Finan argues that phenomenon of PIE is nothing new, but that there are detection mechanisms available today that can pick up on the minute amounts of pharmaceutical waste in the environment. Unfortunately, the AP did not explicate how truly small the presence of pharmaceutical waste is in surface and drinking water. In a recent study in Erie, Pennsylvania, the United States Geological Survey was able to detect ibuprofen, one of the most commonly used medicines, at a level of three parts per trillion in the drinking water. At that level, one would need to consume two liters of water per day for more than 100 years in order to get a single dose of ibuprofen into their system!
Yet, Legislatures are paying close attention to PIE issues, and we as an industry need to be armed with solid data and arguments about proper disposal of pharmaceuticals. Many states, including California, have proposed take back programs for unused pharmaceuticals so that they can be incinerated. However, nearly all of the PIE comes from human excretion or flushing of unused pharmaceuticals -- not disposal in landfills. Landfills in the United States are well monitored for ground contamination, and pharmaceutical products can be safely disposed of through the trash. What the industry needs to impart to consumers is that flushing unused pharmaceuticals down the drain is not the most environmentally friendly means of disposing of unused products. Incineration is another safe way to dispose of pharmaceuticals, but it is also costly and has the negative consequence of air pollution. We all should be stressing that disposing of unused pharmaceuticals in the trash is a safe and environmentally sound disposal process, while incineration pollutes the air without any added benefit.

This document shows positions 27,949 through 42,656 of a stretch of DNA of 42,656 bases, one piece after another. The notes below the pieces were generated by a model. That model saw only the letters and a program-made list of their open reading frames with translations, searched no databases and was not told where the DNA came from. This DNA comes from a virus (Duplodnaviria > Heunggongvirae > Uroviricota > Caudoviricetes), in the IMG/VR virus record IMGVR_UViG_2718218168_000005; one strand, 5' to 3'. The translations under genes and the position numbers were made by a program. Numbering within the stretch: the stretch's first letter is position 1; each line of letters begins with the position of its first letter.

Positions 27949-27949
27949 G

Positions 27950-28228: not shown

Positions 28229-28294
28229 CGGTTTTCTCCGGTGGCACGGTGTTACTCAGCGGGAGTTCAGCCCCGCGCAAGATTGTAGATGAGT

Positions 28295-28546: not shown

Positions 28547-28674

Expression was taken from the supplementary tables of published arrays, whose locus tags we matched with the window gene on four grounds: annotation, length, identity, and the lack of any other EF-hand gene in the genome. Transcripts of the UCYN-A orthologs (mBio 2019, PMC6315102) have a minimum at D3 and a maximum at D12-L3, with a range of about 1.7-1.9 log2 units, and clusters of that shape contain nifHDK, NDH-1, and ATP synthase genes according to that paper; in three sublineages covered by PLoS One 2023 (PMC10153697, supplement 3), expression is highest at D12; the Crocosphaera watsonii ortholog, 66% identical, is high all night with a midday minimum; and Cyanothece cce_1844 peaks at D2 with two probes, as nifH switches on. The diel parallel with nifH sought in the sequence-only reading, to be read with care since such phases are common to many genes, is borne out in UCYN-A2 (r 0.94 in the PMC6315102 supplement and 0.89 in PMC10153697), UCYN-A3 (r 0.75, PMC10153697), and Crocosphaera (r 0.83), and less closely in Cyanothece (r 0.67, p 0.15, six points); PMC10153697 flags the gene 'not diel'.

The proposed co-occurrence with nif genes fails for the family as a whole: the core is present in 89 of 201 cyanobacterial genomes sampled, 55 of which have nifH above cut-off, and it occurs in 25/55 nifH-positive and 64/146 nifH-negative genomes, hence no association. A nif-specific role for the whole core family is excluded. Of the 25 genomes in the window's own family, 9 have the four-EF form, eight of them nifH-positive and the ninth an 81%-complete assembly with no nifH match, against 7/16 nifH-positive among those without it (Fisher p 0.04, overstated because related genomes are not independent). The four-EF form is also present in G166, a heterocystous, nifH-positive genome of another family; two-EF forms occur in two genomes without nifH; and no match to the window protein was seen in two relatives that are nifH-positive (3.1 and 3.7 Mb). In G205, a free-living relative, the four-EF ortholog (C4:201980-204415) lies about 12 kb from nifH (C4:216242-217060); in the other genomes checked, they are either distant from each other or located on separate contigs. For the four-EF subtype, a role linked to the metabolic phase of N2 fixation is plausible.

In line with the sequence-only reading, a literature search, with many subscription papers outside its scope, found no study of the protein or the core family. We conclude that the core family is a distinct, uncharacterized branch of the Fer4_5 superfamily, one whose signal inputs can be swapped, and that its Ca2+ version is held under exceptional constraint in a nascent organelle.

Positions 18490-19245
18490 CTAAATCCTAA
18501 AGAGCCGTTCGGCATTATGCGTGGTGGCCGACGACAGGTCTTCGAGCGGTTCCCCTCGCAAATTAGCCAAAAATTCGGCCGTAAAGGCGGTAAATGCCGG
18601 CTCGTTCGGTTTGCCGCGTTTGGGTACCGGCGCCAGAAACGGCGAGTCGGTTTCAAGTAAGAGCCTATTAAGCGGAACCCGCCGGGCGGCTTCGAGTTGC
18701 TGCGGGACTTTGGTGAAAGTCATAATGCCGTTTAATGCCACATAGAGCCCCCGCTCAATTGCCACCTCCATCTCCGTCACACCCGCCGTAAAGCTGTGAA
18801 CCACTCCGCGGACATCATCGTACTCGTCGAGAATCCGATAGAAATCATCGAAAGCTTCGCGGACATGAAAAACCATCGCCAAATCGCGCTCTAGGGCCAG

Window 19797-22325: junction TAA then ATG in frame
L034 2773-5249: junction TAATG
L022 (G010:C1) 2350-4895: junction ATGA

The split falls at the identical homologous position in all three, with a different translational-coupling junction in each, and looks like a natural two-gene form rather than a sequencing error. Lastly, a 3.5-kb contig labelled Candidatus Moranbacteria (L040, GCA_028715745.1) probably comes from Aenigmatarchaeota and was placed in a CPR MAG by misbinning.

Most of us are familiar with the standard paradigm for product stewardship -- reduce, reuse, and recycle. For pharmaceuticals, however, reusing and recycling products prescribed as patient specific remedies that have expiration dates are not feasible. Our product stewardship should focus, then, on reducing the amount of pharmaceutical waste by encouraging patients to finish taking all medication as prescribed and properly disposing of unused medication in the trash.
Other discussion topics at the SGRC Meeting included activities at BIO, state level marketing legislation, and an update on biotech caucuses throughout the United States. Tonight, I am going to participate in numerous networking activities -- be sure to check back in with me in the morning for a full update on the evening (and hopefully some pictures from Atlanta, as well!)
CHI-Advancing California biomedical research and innovation